My job here is to say “thank you.” Thank you to all the students who have done such a splendid job of being teachers. We’ve tried to teach you here as students, but the teaching we’ve done may not be as large as the teaching you have done. So thank you, Russell and Laura, and thank you to all the students for what I think is a wonderful act of idealism that has added a lot to our community.
Thank you to you, Vice President Zeckhauser, who was involved in this program at the start, and to all of the other administrators who have made this program an important part of the education that Harvard provides. Harvard does a lot of different kinds of education: we do executive education, we do undergraduate education, we do education of graduate students, but I’m not sure we do any kind of education that is more important than preparing members of our community to be citizens of our country. So thank you to everyone who is involved in providing that education.
But the real heroes here – the people I really want to thank – are the 21 people who are part of our community and who have become American citizens.
First, thank you for the work that you do for Harvard. You know, when people think about Harvard, they think about professors and they think about students, and sometimes they even think about administrators, deans, vice presidents, and presidents. But I’ll tell you one thing about Harvard. All the faculty go away every summer, all the students go away every summer, and the University somehow keeps right on going. If all the people on the University staff went away for even one week, the result would be complete and utter chaos. That says something about who’s doing the really important work at the University. So all of you on the University staff, whether you work in the libraries or whether you work on the lawns, whether you work in a lounge or whether you work in a laboratory, thank you for what you are doing for our University. We would not be the kind of university that we are without you.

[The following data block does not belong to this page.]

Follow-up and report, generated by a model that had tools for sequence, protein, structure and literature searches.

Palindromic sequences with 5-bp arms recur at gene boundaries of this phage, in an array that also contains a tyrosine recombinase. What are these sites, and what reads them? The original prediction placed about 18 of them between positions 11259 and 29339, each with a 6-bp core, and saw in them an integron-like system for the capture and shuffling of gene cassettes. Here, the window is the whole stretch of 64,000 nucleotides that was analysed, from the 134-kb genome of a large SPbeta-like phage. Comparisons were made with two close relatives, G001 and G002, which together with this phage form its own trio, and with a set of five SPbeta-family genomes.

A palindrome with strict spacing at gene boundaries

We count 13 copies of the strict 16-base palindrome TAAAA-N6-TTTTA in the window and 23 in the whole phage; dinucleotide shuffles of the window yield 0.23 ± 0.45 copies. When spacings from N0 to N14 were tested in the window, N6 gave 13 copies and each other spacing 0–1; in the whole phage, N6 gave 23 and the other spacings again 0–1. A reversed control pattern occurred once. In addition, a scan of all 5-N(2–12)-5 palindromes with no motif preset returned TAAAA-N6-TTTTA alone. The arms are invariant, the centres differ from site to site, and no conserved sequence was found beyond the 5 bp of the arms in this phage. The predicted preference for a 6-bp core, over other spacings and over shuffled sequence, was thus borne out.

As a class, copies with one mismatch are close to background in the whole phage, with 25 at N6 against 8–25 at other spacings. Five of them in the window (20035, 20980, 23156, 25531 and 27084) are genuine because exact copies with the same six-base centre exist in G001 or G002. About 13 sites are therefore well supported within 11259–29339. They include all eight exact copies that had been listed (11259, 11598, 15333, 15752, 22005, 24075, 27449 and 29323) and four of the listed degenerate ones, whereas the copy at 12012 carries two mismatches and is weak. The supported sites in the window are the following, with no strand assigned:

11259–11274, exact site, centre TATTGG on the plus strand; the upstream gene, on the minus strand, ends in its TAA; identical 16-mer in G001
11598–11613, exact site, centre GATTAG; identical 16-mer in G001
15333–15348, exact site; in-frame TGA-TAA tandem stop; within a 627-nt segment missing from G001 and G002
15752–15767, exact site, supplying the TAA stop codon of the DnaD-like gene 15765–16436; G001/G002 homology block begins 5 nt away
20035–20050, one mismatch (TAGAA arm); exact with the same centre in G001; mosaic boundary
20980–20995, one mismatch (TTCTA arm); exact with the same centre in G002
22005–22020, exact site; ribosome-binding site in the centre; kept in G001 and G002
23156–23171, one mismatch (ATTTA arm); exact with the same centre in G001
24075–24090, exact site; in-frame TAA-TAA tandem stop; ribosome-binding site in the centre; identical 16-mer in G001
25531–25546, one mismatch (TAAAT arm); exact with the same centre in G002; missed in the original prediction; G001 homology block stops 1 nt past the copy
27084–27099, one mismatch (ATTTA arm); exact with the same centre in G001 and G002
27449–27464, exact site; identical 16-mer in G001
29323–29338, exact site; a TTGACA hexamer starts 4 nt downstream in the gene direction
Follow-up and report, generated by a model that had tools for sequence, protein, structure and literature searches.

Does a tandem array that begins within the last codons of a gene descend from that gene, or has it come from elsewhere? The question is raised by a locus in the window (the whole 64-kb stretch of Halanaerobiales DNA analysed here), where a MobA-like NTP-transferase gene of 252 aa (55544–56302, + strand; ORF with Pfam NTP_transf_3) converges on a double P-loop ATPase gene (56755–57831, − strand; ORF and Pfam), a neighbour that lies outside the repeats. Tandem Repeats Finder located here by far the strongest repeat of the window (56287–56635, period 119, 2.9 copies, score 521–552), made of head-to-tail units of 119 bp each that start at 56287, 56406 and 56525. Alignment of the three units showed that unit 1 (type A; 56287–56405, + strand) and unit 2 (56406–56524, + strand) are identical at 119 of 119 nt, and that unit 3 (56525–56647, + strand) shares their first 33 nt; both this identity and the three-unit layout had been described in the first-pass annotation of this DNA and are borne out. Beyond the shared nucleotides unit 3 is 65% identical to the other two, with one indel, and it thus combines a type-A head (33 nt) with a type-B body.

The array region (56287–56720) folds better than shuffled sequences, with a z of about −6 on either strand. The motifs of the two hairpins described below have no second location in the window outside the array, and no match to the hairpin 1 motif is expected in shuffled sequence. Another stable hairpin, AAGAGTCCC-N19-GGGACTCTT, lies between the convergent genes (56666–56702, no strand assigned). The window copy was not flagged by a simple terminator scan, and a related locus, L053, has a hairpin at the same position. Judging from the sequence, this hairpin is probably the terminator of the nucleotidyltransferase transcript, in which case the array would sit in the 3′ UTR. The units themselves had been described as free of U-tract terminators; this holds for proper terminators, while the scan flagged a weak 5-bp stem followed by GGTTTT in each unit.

Let me say something else quickly. One of the proudest moments of my life was the moment when in Washington, I took an oath of office as the secretary of the Treasury to uphold the Constitution of the United States. You took a very similar oath when you became American citizens. It was a special moment for me, as I’m sure it was a special moment for you. Let me say – speaking as an American, speaking as someone who has tried to serve our country, and as someone who has studied the history of our country – our country has been made by people who came from other places, settled in the United States, strived to become American citizens, for themselves, for their families, for their children.
And so, it is not just as a representative of Harvard that I thank you for all that you contribute and all that you’re going to contribute. But as an American, I welcome you to your citizenship in the United States, and thank you for the difference that you make to our country. Our country is not perfect. Our country makes mistakes – sometimes our country makes important mistakes. But I believe that it is a nation that is committed to giving everyone a voice and a chance, it is a nation that is in many ways a beacon. And it will be a much better, a much stronger, a much kinder nation because of your inclusion, and because of programs like the one we celebrate today. This is as important a graduation in its way as the graduation the University will have in June. And I congratulate you, all new American citizens, and I thank you very much for the opportunity to be here.
Thank you very much.